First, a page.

providing a vending machine with a storage and vend actuation means for multiple units of at least one low value prize item and for redeemable prize vouchers for at least one other prize item having at least 10 times higher value than the at least one low value prize item, but which cannot be dispensed by the machine, providing a free token to a patron by a proprietor at the point of sale wherein the free token is at least one of metal and plastic, coin shaped, and has at least one distinguishable security feature identifiable with the proprietor, machine-validating a patron's free token to enable a game of chance on the vending machine only once for each free token and only if the token has the at least one distinguishable security feature identifiable with the proprietor, setting a predetermined win probability for each prize item responsive to the cost or value of each prize item and to a predetermined mean budget for dispensing an item, executing a game of chance to produce a random outcome used in conjunction with the predetermined win probability for each prize item to determine which subset of prize items will be offered to the patron, displaying the offered subset to the patron for selection, and dispensing the prize item or redeemable prize voucher corresponding to the selection made by the patron. 21. The method of dispensing customer appreciation prizes according to setting a mean budget for dispensing an item, setting an item's allocated fractional share of the mean budget for dispensing an item such that the sum of all allocated fractional shares is unity, setting a mean item budget for each item equal to the mean budget for dispensing an item multiplied by the item's allocated fractional share of the mean budget, and setting the probability of winning an item equal to the mean item budget divided by the cost or value of the item. 22. The method of dispensing customer appreciation prizes according to 23. The method of dispensing customer appreciation prizes according to 24. The method of dispensing customer appreciation prizes according to 25. The method of dispensing customer appreciation prizes according to enabling a bonus game of chance when the subset of prizes offered to a patron for selection is not an empty subset, setting a predetermined bonus win probability for each prize based at least in part on a) the ratio of cost between the prize item and the cost of the highest valued prize item in the current subset of prize items offered to the patron and b) the number of other prizes to be included in the bonus game of chance, displaying to a patron the probability of winning a prize of higher value than those currently offered for selection, and receiving a play/decline selection signal from a patron to conditionally execute the bonus game of chance to produce a random outcome used in conjunction with the predetermined bonus win probability for each prize item to determine which subset of prize items will be offered to the patron for selection. 26. A vending machine for dispensing customer appreciation prizes to patrons comprising
storage and vend actuation means for multiple units of at least one low value prize item and for prize vouchers redeemable for at least one other prize item having at least 10 times higher value than the at least one low value prize item, but which cannot be dispensed by the machine, customer ID validation means for machine reading a patron's customer ID number from a customer ID carrier, the customer ID validation means including means for validating a patron's customer ID only if the patron is a registered customer of the proprietor and only once during a predetermined period of time, win probability setting means for predetermining the win probability of each prize item in response to the cost or value of each prize item and to a predetermined mean budget for dispensing an item, game of chance means enabled by validation of a patron's customer ID number for producing a random outcome used in combination with the predetermined win probability for each prize item to determine which subset of prize items will be offered to the patron for selection, display means for displaying the offered subset of prize items a patron may select from for vending, and selection means used by a patron for selecting from the offered subset of prize items and for producing a vend control signal for the corresponding vend actuation means to deliver to the patron his selection. 27. The vending machine according to 28. The vending machine according to 29. The vending machine according to 30. The vending machine according to 31. The vending machine according to 32. The vending machine according to bonus game of chance means enabled when the subset of prizes offered to a patron for selection is not an empty subset, bonus win probability setting means for predetermining the bonus win probability of a prize item, wherein the bonus win probability for a prize item is at least in part based on a) the ratio of cost between the prize item and the cost of the highest valued prize item in the current subset of prize items offered to the patron and b) the number of prizes to be included in the bonus game of chance, display means for displaying to a patron the probability of winning a prize of higher value than those currently offered for selection, play/decline selection means used by a patron for choosing to play or decline to play the bonus game of chance, and bonus game win evaluation means for producing a random outcome used in combination with the predetermined bonus win probability for a prize item to determine which subset of prize items will be offered to the patron for selection. 33. A method of dispensing customer appreciation prizes from a vending machine comprising the steps of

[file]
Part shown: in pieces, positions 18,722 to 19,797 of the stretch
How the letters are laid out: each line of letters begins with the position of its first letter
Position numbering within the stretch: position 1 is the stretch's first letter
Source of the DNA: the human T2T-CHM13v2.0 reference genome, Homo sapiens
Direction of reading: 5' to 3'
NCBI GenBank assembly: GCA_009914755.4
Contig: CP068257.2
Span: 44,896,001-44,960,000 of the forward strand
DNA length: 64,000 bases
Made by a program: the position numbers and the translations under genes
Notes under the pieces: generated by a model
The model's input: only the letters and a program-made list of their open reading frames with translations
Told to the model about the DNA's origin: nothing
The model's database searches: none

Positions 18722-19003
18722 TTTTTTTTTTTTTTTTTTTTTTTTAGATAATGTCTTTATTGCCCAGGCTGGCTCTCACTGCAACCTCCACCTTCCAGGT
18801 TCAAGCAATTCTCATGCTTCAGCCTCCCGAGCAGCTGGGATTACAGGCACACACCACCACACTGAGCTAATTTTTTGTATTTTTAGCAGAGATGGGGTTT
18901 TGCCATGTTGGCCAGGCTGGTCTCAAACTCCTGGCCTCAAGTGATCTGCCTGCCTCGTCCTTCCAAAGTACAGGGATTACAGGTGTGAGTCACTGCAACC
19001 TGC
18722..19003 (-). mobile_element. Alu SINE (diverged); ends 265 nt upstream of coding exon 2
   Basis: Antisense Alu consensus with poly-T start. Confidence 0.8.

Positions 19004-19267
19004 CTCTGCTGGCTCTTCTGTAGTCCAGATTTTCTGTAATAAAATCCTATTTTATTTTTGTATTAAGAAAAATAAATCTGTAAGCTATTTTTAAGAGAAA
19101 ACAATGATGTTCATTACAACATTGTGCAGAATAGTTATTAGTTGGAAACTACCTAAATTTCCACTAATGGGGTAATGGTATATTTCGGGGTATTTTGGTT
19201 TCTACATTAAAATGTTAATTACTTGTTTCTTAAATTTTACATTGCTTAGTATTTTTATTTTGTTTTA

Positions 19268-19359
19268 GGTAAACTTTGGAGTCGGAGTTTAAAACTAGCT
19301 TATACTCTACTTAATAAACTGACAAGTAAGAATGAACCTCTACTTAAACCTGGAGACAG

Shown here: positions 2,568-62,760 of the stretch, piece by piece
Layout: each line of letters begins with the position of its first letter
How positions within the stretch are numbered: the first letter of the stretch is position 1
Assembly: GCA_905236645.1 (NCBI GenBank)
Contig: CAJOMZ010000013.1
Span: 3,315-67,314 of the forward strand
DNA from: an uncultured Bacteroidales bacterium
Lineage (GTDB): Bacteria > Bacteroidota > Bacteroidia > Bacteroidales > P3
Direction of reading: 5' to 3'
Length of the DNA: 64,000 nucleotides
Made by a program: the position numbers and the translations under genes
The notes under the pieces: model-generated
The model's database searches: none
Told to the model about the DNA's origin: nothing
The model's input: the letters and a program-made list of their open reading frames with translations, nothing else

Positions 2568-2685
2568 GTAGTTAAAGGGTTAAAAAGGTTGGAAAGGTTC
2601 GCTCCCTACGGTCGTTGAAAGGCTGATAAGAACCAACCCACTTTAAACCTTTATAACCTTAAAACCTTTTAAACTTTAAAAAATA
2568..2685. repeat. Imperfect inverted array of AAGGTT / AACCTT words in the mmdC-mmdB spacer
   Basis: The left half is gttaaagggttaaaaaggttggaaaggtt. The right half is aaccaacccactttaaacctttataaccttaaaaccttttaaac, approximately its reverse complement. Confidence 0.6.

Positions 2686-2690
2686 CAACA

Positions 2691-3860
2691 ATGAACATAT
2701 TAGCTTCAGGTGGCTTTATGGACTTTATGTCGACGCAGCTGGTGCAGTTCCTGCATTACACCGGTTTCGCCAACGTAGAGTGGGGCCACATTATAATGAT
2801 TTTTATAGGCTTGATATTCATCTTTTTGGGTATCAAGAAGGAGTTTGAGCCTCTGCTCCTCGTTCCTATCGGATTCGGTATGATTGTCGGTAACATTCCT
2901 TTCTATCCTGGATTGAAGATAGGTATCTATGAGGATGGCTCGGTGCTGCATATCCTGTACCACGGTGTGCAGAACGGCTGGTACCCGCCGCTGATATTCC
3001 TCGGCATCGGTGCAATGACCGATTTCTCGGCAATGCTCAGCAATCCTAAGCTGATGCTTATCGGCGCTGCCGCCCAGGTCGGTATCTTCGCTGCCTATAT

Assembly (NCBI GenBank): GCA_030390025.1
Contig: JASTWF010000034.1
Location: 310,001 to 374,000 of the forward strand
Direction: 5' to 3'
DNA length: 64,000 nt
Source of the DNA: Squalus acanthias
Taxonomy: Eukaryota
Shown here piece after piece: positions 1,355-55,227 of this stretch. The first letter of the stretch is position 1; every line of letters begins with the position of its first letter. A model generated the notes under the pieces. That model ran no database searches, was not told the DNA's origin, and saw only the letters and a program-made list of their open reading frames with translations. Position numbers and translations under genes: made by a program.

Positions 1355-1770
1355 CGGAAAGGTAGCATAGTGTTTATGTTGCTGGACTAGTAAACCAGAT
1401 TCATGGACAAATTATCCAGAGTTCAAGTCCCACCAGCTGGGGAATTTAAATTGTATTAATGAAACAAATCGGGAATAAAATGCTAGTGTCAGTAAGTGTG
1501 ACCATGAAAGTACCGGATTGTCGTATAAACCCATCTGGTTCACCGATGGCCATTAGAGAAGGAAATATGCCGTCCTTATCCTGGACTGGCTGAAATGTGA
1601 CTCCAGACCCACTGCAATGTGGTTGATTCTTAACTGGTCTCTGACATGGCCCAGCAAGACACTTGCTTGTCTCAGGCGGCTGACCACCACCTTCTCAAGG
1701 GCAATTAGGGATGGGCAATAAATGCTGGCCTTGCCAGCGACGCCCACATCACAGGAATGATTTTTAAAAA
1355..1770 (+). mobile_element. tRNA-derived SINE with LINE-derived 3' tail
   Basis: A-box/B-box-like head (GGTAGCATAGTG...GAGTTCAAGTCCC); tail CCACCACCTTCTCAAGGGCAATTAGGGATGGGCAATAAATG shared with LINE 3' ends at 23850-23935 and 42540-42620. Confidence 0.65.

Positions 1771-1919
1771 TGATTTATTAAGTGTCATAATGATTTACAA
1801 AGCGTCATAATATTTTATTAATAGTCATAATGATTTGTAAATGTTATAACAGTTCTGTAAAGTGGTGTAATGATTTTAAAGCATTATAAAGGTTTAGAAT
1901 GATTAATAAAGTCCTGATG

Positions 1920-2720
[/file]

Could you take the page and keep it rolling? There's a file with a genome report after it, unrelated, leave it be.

providing a vending machine with a storage and vend actuation means for multiple units of at least one low value prize item and for redeemable prize vouchers for at least one other prize item having at least 10 times higher value than the at least one low value prize item, but which cannot be dispensed by the machine, providing a customer ID carrier to a patron from a proprietor with the customer ID carrier having a machine-readable customer ID number registered with the proprietor, machine-validating a customer ID number to enable a game of chance on the vending machine only once during a predetermined period of time, setting a predetermined win probability for each prize item responsive to the cost or value of each prize item and to a predetermined mean budget for dispensing an item, executing a game of chance to produce a random outcome used in conjunction with the predetermined win probability for each prize item to determine which subset of prize items will be offered to the patron for selection, displaying the offered subset to the patron for selection, and dispensing the prize item or redeemable prize voucher corresponding to the selection made by the patron. 34. The method of dispensing customer appreciation prizes according to setting a mean budget for dispensing an item, setting an item's allocated fractional share of the mean budget for dispensing an item such that the sum of all allocated fractional shares is unity, setting a mean item budget for each item equal to the mean budget for dispensing an item multiplied by the item's allocated fractional share of the mean budget, and setting the probability of winning an item equal to the mean item budget divided by the cost or value of the item. 35. The method of dispensing customer appreciation prizes according to 36. The method of dispensing customer appreciation prizes according to 37. The method of dispensing customer appreciation prizes according to 38. The method of dispensing customer appreciation prizes according to enabling a bonus game of chance when the subset of prizes offered to a patron for selection is not an empty subset, setting a predetermined bonus win probability for each prize based at least in part on a) the ratio of cost between the prize item and the cost of the highest valued prize item in the current subset of prize items offered to the patron and b) the number of other prizes to be included in the bonus game of chance, displaying to a patron the probability of winning a prize of higher value than those currently offered for his selection, and receiving a play/decline selection signal from the patron to conditionally execute the bonus game of chance to produce a random outcome used in conjunction with the predetermined bonus win probability for each prize item to determine which subset of prize items will be offered to the patron for selection. Description This application is a divisional application of Ser. No. 11/190,935 filed on Jul. 28, 2005 and entitled VENDING MACHINE HAVING A GAME OF CHANCE and now patent Ser. No. ______. This invention pertains to vending machines, and in particular to vending machines adapted to provide a game of chance to the patron in the process of delivering its vended goods. Product manufacturers and retailers have always been interested in finding new ways to better attract and hold customers. One method commonly used, particularly by national brands, is to sponsor some form of sweepstakes event to differentiate themselves from a competitor and help build brand awareness. In addition to sweepstakes type attractions, others have tried to integrate gaming concepts into the retail environment to help attract customers. The psychological attraction to the dream of winning the grand prize in a sweepstakes is not unlike that of winning the state lottery or a jackpot in a slot machine. For some the dream is intoxicatingly attractive, while for others the dream is irrelevant because they assess that the probability of actually winning is so low that it does not warrant the cost in time and effort to participate. To protect those susceptible to the intoxicating dream many state and federal laws have been drafted to regulate sweepstakes, casino gaming, and lotteries. Regulation most often revolves around the combination of the elements of prize, chance, and consideration. To circumvent legal problems, most sweepstakes and other game of chance laws require the sponsor to provide participants with an alternative method of having a chance to win that does not require making a purchase. The most commonly accepted and used practice to achieve this is to provide one “game piece” or one “game entry” to someone who mails a request with a self addressed stamped envelope to the sponsor. Generally, the cost of two envelopes and two postage stamps is higher than the value of the grand prize divided by the number of entries, thus preventing a sweepstakes sponsor from being overwhelmed by such requests and enabling the sweepstakes event to retain commercial value for the sponsor. Casino type gaming provides a distinctly different psychological attraction from that of a sweepstakes in that it includes the excitement of current play and the anticipation of instant gratification if one wins. Outside of a casino, the most popular form of instant gratification gaming is the scratch ticket. Many state lotteries offer scratch ticket games wherein immediately after purchasing the ticket one scratches the surface paint from game squares on the ticket in an attempt to expose a specific symbol or set of symbols. Scratch tickets have also been occasionally used as a form of instant win sweepstakes by fast-food restaurant chains. Yet another type of psychological attraction in casino gaming is provided by some of the newer slot machines wherein a video reel style slot machine provides so many zigzag win paths across the screen that one pretty much can't help but to win at least something every time the reels spin. Even if you do only get one coin back for having played ten coins, many players are happy because there are not so many disappointing losses in a row. Some have incorporated a game of chance into the retail environment prior to the check stand. A method of randomly determining the value of a coupon presented to a coupon validator machine by a shopper prior to proceeding to the checkout counter is disclosed in U.S. Pat. No. 5,368,129 granted Nov. 29, 1994 to Van Kohorn. The coupon validator prints the randomized discount amount on the coupon which is returned to the shopper for use at the checkout counter. Others have incorporated a game of chance at the check stand. A microprocessor based system for connection to a cash register and activated upon each ring-up of a valid sale is disclosed in U.S. Pat. No. 4,854,590 granted Aug. 8, 1989 to Joliff, et al. The system randomly determines if the customer has won anything at all, and if so, what amount has been won. A virtual slot machine display device tied to a point of sale terminal is disclosed in U.S. Pat. No. 6,634,550 granted Oct. 21, 2003 to Walker, et al. The game presentation includes images of products and indicates what has been won, such as a free product, a discount on a product selected for purchase, a coupon, or an upsell offer. A promotional game operating in conjunction with a point of sale terminal displaying the image of a game card is disclosed in U.S. Pat. No. 6,048,268 granted Apr. 11, 2000 to Humble. The game card has areas which appear covered and are exposed by customer selection similar to that of a scratch ticket game. The processor selects prizes and varies the odds of winning a prize as a function of the identity of products purchased by the participant or their dollar value. Still others have incorporated a game of chance into a vending machine. An instant lottery game for a centrally controlled remote vending machine is disclosed in U.S. Pat. No. 4,157,829 granted Jun. 12, 1979 to Goldman, et al. Upon the receipt of a wager of a proper amount, the central computer generates random indicia to be matched with the patron's pre-selected indicia to determine and pay a cash prize amount. There is no vending of a product, just a lottery game. An automatic vending machine with lottery bonus is disclosed in U.S. Pat. No. 4,213,524 granted Jul. 22, 1980 to Miyashita, et al. A plurality of electric lamps arranged geometrically on a front panel of the machine and a lamp control circuit for lighting the lamps successively and repeatedly in response to a vending signal produces a winning signal for discharging an extra article as a free addition if the light spot is stopped at a predetermined lamp having a lucky number. A vending machine offering a game of chance or skill is disclosed in U.S. Pat. Publication No. 20030186732 filed Oct. 2, 2003 by Viglione. A game is played for a predetermined prize only after payment and selection of a product. A vending machine randomly dispensing prize items, in addition to selected items, is disclosed in U.S. Pat. Publication No. 20020107610 filed Aug. 8, 2002 by Kaehler, et al. Finally, some have incorporated a game of chance into a promotional machine. A promotional game on an automated redemption machine is disclosed in U.S. Pat. No. 5,007,641 granted Apr. 16, 1991 to Seidman and U.S. Pat. No. 5,080,364 granted Jan. 14, 1992 to Seidman. Prizes are awarded at random to patrons who present appropriate barcoded symbols from coupons or product packages bearing a particular code. Despite the considerable effort that has been applied heretofore towards improvements in promotional schemes involving a game of chance, many important aspects of such promotions still have not been addressed or stand in need of further improvement. For example, while there have been many prior art promotional schemes to attract people through hopes of winning a grand prize, none have addressed the opposite psychologically minded people who believe their chances of winning the grand prize are so small that it is not worth their time or effort to participate. However, if the game of chance allows everyone to win at least something, and maybe even a grand prize, then most of this same group will conclude that it is worthwhile participating because it is not a total waste of time. Additionally, although considerable effort has been put forth to add promotional and gaming features to vending machines, as evidenced by the aforementioned prior art patents, there has been little effort spent on algorithms to automatically manage the probability of winning one of a plurality of items having a broad range of values such that the average value of a large population of vended prizes closely approximates a predetermined average value. Finally, the prior art has not really addressed certain other kinds of vending machines wherein a game of chance promotion may offer a significant benefit. A first example is a product sample vending machine. While there have been specific machine designs for dispensing fluids and sprays in a retail environment, as for example the mannequin shaped perfume sample dispenser disclosed in U.S. Pat. No. 5,535,921 granted Jul. 16, 1996 to Gelman, there has been no prior art vending system for general product samples that a manufacturer can use to attract existing customers of one of its product lines to try a free sample of one of its other product lines to build brand and customer loyalty. A second example is a customer appreciation vending machine. Many of the aforementioned prior art patents disclose methods and systems that burden the retail checkout process in a manner not conducive to improving employee productivity, or require replacement of point of sale equipment that may not be compatible with their back end accounting system and other peripheral equipment. A third example is a time-metered service vending machine such as is common in a self service carwash. Although fixed bonus and token based promotional schemes for time-metered vending machines have existed for quite some time, the excitement of a game of chance has not heretofore been available for them. As can readily be appreciated, there remains a need for further improvement in the features and operation of vending machines, and in particular vending machines offering a legal game of chance as a promotional feature. In a first embodiment of the present invention a product sample vending machine offers a game of chance to patrons for determining which of a plurality of free product samples and higher valued prize items may be offered to them. The vending machine is enabled by a free token provided to the patron within, as part of, or attached to the package of a manufacturer's product. To help attract patrons to use the machine, higher value prizes, such as a full sized product or an exotic vacation trip may be offered. Whereas the free product samples would be vended directly from the machine, a barcoded ticket is dispensed to the patron as a voucher for the higher value prizes that are not well suited to being directly vended from the machine. The free token may be in the form of a coin-shaped token, a bill shaped token note, an RFID tag from a product package, or a serialized barcode. Limitation of the free token to a single use is provided by non-return of a coin or bill shaped token, or by recording a serial number from an RFID tag or barcode to prevent their future use. The probability of winning each of the items is managed such that the average value of a large population of vended items closely approximates a predetermined average value. In a second embodiment of the present invention a customer appreciation vending machine offers a game of chance to patrons for determining which of a plurality of consumer items having a broad range of values may be offered to them. The vending machine is enabled by a barcoded purchase receipt the patron receives from a point of sale register at the check stand when purchasing goods and services. The machine may be adapted to always offer the patron at least the lowest valued item held by the machine. Additionally, if a higher value item is offered, the machine may additionally offer the patron a choice of one or more other lower cost items. If the patron has won anything at all, the machine may further offer the patron a bonus game of chance to possibly win an item of higher value. During a bonus game of chance, a patron is shown the probability of winning a higher value item and offered the opportunity to accept or decline play of the bonus game of chance. The probability of winning a particular item is adjusted in proportion to the purchase amount on the barcoded receipt, and inversely in proportion to the value of a particular item. When the purchase receipt has only a purchase ID number embedded within the barcode, then a network connection to a remote database is used to acquire the time, date, and amount of sale information. When one of the smaller valued items has been won and selected by the patron, it is immediately vended to the patron from the machine. A barcoded ticket is dispensed to the patron as a voucher for higher valued items that are not well suited to being directly vended by the machine. The probability of winning each of the items is managed such that the average value of a large population of vended items closely approximates a predetermined average value. In a third embodiment of the present invention a vending machine for dispensing food or beverage items offers a game of chance to patrons for determining which of a plurality of values a fractional vend token is given for credit toward the purchase of a food or beverage item from the machine. A grand prize token may also be adapted for use with the vending machine. In a first adaptation of the third embodiment, the grand prize token is visually identical to the fractional vend token, but has properties distinguishable by a token validator. The grand prize token is rejected back to the patron by the token validator, but the machine visually indicates to the patron that he has a grand prize token for redemption at a grand prize redemption center. In a second adaptation of the third embodiment, the grand prize token is the same as the fractional vend token and the machine randomly determines if the grand prize has been won. The token remains held by the machine and a barcoded ticket is dispensed to the patron as a voucher for his grand prize to be claimed at a redemption center. The probability of winning each of the items is managed such that the average value of a large population of vended items closely approximates a predetermined average value. In a fourth embodiment of the present invention a time-metered service vending machine offers a game of chance to patrons for providing additional bonus time to the patron during the vending of selected services. The game of chance may be enabled by either the validation of a promotional token, or by validation of some predetermined threshold amount of payment for the time-metered services. When the game of chance is enabled, the display which is normally adapted to display the amount of received payment and the amount of service time remaining first indicates that a game of chance has been enabled, then displays a rapid sequence of different time values, eventually settling on a bonus time amount to be granted to the patron and added to any other service time for which payment was previously received. The probability of winning any specific amount of bonus time is managed such that the average value of a large population of granted bonus time closely approximates a predetermined average value. With the above and other objects in view that will hereinafter appear, the nature of the invention will be more clearly understood by reference to the following detailed description, the appended claims and the several views illustrated in the accompanying drawings. A conventional vending machine To preferentially attract patrons to consume the beverages vended by machine Most of today's vending machines have a standardized communication interface called MDB (Multi-Drop Bus) to enable the various machine components to communicate with one another even though they may have been produced by separate manufacturers. The MDB protocol is maintained and managed by the National Association For Automated Merchandising (NAMA) and is here incorporated by reference. MDB is an RS-232 derivative having an optically coupled interface and a master/multi-slave topology. It uses a pair of 6-pin Molex Mini-Fit Jr. connectors Use of a token having security features, by necessity, is an important integral part of the current invention. When a token can be used to take something of value away from an unattended vending machine, it is imperative that the token be different from tokens used by other local establishments. When cross-play between tokens from two establishments occurs because their token validators are unable to distinguish between them, the establishment having the highest value product or service provided by its token generally finds that it is giving away a lot of his product or service to people bringing in the lower valued token from the other establishment. Security tokens having unique characteristics that can be distinguished by coin validators are described in U.S. Pat. No. 5,046,841 granted Sep. 10, 1991 to Juds, et al. and U.S. Pat. No. 6,021,882 granted Feb. 8, 2000 to Juds, et al. One such example is shown in The game of chance controller Although the credit value the patron has won with his special vend token could be anything, there are practical considerations. Clearly the two most significant values to consider would be zero and one full vend. If the value is zero, then there is no need for the game of chance controller After the game of chance has been completed, the numerical display There are reasons why one may want to put a minimum value limit on the fractional vend token. First, if it is common knowledge that most all of the time one will get nothing for the fractional vend token, many people will discard them as worthless. For that sector of the population the promotion will be a failure. If, however, one knew that a fractional vend token was always worth at least 25¢, and may be worth as much as one full vend, then even the skeptics would see the value in participating in the promotion. Furthermore, anything that helps keep a promotional game of chance from stepping on any of the various sweepstakes, gambling, and lottery laws is a good thing. Providing a system where everyone wins at least something with an arguably free token makes it pretty hard for any jurisdiction to label it as a system that makes one risk something of value that could be lost in a game of chance. On the other end of the spectrum, if the fractional vend token has a value only between zero and one full vend, then the promotional effort undertaken may not capture the attention of that portion of the population attracted to the dream of winning a grand prize. In one embodiment of including a grand prize capability, the game of chance controller A second embodiment of a beverage vending machine offering a game of chance with a grand prize involves having two different tokens distinguishable by the coin validator An algorithm for generating the probability for each of the possible values of a fractional vend token is described below through an example and with reference to the table of In the foregoing example, the fractional share of each of the 5 non-zero Random Win Amounts is equal to ⅕ of the total budget held by the Random Pot. However, the fractional share for each need not be identical. For example, if it were desired to place a relative triple emphasis on winning the $1.50 credit value, then four credit values would each be allocated a standard share, and the $1.50 credit value allocated three standard shares, for a total of 7 standard shares. The allocated fractional shares for each would then be 3/7 for the $1.50 credit value and 1/7 for each of the other credit values. The allocated fractional share then replaces the (Random Items) term in the calculation of the prior paragraph. Once the probabilities have been determined for winning each of the possible award amounts, the game of chance controller The special vend tokens or fractional vend tokens for use with the beverage vending machine can be made available within, as part of, or attached to the packaging of a product a patron has previously purchased. For example, a 12-pack of carbonated beverage cans may have such a token glued to the inside of the cardboard carrier package. Instructions on the package or token would tell the patron that the token was for use in a vending machine offering products by the same manufacturer and that a game of chance played on the vending machine would determine the value of the token. In this manner the manufacturer of the carbonated beverage creates a promotional attraction to their brand, both at the grocery store for the 12-pack and at the vending machine. Although the foregoing description has focused on that of a beverage vending machine, the same principles of operation can obviously be applied to vending machines in general, whether they are for beverages, snacks, or other miscellaneous items. The game of chance controller The game of chance controller Another embodiment of a vending machine having a game of chance is the product sample vending machine A band of peripheral machine lighting A scrolling LED sign The upper section Product sample vending machine In the lower section A product sample token is required to operate product sample vending machine A product sample token may also take the form of a barcode incorporating a serial number, such as that shown in A product sample token may also take the form of an RFID tag from a product package, such as the one shown in A product sample token may also take the form of a token note as shown in The customer appreciation vending machine A second means to enable customer appreciation vending machine A third means to enable customer appreciation vending machine The game of chance may take any of many forms commonly known to the casino gaming industry. The touch-screen An algorithm for generating the probability for each item that can be won in the customer appreciation vending machine In the foregoing example, by examining the tables one can see that the Raw Win Probability in Just as for the fractional vend token previously described, in order to help ensure patrons don't loose interest from coming up empty too often, one can additionally impose the rule that every patron with a sales receipt, no matter what the amount, will always win at least a 1″ Gumball. One simple solution is to always set the Actual Win Probability for the lowest valued item equal to one minus the Cumulative Probability for the second least valued item. A slightly more complex method would be to use the same methodology previously described for the fractional vend token having a Minimum Win amount wherein the value of the 1″ Gumball becomes the Minimum Win amount. In the case where the customer appreciation vending machine As previously indicated, the screen In the bonus game of chance the probability for winning each of the offered higher valued items having a checked box in In the product sample vending machine The table of In both the product sample vending machine In one final embodiment of the present invention a time-metered service vending machine A game of chance may be enabled in a time-metered service vending machine The steps for setting the probability distribution function of bonus time values that can be granted include a) setting a predetermined average bonus time value (Avg) to grant, b) setting a bonus time value (Val) for each of a plurality of bonus time values that can be granted, c) determining the number (Num) of bonus time values within the plurality of bonus time values, d) determining the minimum bonus time value (Min) within the plurality of bonus time values, e) setting the probability of granting a particular one of the plurality of bonus time values, not including the minimum bonus time value, equal to: (Avg−Min)/((Val−Min)*(Num−1)), and f) setting the probability of granting the minimum bonus time value of the plurality of bonus time values equal to one minus the sum of the probabilities of granting each of the other plurality of bonus time values. In the example of the prior paragraph, the probability of winning 45 seconds of bonus service time is: (20 sec−10 sec)/((45 sec−10 sec)*(8−1))=4.1%. The flow chart of The flow chart of The flow chart of It is to be understood that the above described embodiments of the invention are illustrative only, and many variations and modifications will become apparent to one skilled in the art without departing from the spirit and scope of the present invention. Referenced by